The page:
Jose: “Well, if you have an economic interest in a person because that person is a source of income to you, then you should examine the materiality standards for sources of income. Usually, the larger the financial resources of the individual or entity involved, the larger the effects of the decision will have to be in order for them to be considered material.”

    Jessica: “All right, let me see if I am following the application of step five. You’re saying that if my source of income is a Fortune 500 company, the effects of the decision will have to be pretty substantial to be material; but, if my source of income is my next door neighbor to whom I sold a painting, the effect would not need to be nearly so great to be material?”

    Jose: “Exactly! That’s the general rule. The fifth step where you apply the FPPC’s materiality regulations will help you figure it all out. Now, in step six, you need to ask whether it is substantially likely that the material financial effect in step five will actually occur.”

    Jessica: “What happens if it is substantially likely that the material financial effect will occur?”

    Jose: “If the answer to this question is yes, then you would have a conflict of interest unless the ‘public generally’ exception in step seven applies. If the answer is no, then you would not have a conflict.”

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    Step Seven - Is the effect of the governmental decision on the public official’s economic interest distinguishable from its effect on the general public?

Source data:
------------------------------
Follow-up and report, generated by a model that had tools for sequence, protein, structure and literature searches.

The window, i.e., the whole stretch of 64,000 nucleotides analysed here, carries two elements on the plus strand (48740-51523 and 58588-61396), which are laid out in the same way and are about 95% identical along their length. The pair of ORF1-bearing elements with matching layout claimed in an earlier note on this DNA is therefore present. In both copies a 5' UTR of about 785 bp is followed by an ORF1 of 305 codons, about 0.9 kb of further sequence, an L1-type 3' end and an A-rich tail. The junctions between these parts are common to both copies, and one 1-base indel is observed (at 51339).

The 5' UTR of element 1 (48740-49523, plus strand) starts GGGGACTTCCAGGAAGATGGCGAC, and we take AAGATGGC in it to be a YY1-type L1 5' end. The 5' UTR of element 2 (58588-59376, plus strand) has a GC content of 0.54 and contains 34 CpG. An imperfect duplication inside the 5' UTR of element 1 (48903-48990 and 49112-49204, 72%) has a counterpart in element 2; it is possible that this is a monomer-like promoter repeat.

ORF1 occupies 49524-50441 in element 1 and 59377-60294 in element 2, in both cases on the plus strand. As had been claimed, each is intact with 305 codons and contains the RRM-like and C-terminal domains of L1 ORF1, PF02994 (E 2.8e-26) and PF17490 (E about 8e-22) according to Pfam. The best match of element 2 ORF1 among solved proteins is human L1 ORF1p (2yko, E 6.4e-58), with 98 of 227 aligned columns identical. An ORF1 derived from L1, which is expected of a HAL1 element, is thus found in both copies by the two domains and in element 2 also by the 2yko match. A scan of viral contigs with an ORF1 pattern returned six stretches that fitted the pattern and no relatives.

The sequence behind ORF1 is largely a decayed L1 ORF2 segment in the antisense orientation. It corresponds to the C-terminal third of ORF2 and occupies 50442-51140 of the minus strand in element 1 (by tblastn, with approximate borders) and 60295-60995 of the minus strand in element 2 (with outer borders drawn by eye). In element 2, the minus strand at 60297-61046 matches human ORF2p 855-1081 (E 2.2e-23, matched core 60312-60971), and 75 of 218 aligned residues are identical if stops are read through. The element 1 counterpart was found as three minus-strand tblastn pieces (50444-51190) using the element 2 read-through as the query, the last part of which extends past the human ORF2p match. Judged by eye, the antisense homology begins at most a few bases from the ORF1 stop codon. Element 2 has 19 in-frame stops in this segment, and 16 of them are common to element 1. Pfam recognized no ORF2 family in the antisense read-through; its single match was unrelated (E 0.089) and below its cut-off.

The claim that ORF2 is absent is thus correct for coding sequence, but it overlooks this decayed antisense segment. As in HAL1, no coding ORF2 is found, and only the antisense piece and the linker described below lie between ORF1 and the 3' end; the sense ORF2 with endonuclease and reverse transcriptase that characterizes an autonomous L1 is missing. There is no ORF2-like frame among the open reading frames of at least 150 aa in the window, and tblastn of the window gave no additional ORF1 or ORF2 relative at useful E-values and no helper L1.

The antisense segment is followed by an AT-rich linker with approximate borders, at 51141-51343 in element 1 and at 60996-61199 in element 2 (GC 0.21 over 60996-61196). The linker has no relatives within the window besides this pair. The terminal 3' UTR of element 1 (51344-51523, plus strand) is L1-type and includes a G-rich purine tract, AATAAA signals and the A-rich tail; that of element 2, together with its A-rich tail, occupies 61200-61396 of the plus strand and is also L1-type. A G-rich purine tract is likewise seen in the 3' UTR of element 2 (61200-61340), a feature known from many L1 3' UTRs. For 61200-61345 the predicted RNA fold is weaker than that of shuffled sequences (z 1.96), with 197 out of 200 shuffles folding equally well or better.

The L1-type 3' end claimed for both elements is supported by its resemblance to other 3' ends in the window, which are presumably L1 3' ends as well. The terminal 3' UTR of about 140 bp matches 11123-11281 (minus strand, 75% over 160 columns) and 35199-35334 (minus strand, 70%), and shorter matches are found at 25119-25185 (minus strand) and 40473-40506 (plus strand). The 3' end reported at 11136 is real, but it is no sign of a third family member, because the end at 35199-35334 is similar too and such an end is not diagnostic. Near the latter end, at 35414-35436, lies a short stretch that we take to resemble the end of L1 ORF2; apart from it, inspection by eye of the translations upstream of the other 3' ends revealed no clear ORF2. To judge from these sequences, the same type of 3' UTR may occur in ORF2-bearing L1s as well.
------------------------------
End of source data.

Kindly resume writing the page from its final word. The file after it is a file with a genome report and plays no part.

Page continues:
Jessica: “Ok, I’ve got a conflict through step six, but step seven with its odd sounding name, may give me a way out? Is that right?”

    Jose: “That’s right. Not all conflicts of interest result in disqualification. If the ‘public generally’ exception applies, a public official may take part in a governmental decision despite the conflict of interest.”

    Jessica: “Why does the ‘public generally’ exception exist?”

    Jose: “This exception exists because a public official is less likely to be biased by a financial impact on one of his or her economic interests when a significant segment of the population is likely to feel a substantially similar impact from a governmental decision.”

    Jessica: “So is it correct to say that the ‘public generally’ exception applies most of the time?”

    Jose: “No. Certainly not. The ‘public generally’ exception must be considered with care. You may not just assume that it applies. There are specific rules for identifying the significant segments of the population with which you may compare your economic interest, and specific rules for deciding whether the financial impacts are substantially similar.”

    Remember This Point

    Not all conflicts of interest are disqualifying - but the “public generally” exception must be rigorously analyzed and may not be assumed.

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    Step Eight - Despite a disqualifying conflict of interest, is the public official’s participation legally required?

    Despite a disqualifying conflict of interest, participation is occasionally legally required. Learn more about the specifics of step eight from Jose Lopez.

    1. “This ‘legally required participation’ rule applies only in certain, very specific circumstances where the government agency would be paralyzed from acting.”

    2. “Public officials are most strongly encouraged to seek advice from agency legal counsel or the FPPC before acting under this rule.”

    Remember This Point

    The “legally required participation” rule is rarely applied.

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    You have completed the "Overview of Political Reform Act" module. The next module is Limitations on Receipt of Gifts.

    presented by
    The California Attorney General's Office and the Fair Political Practices Commission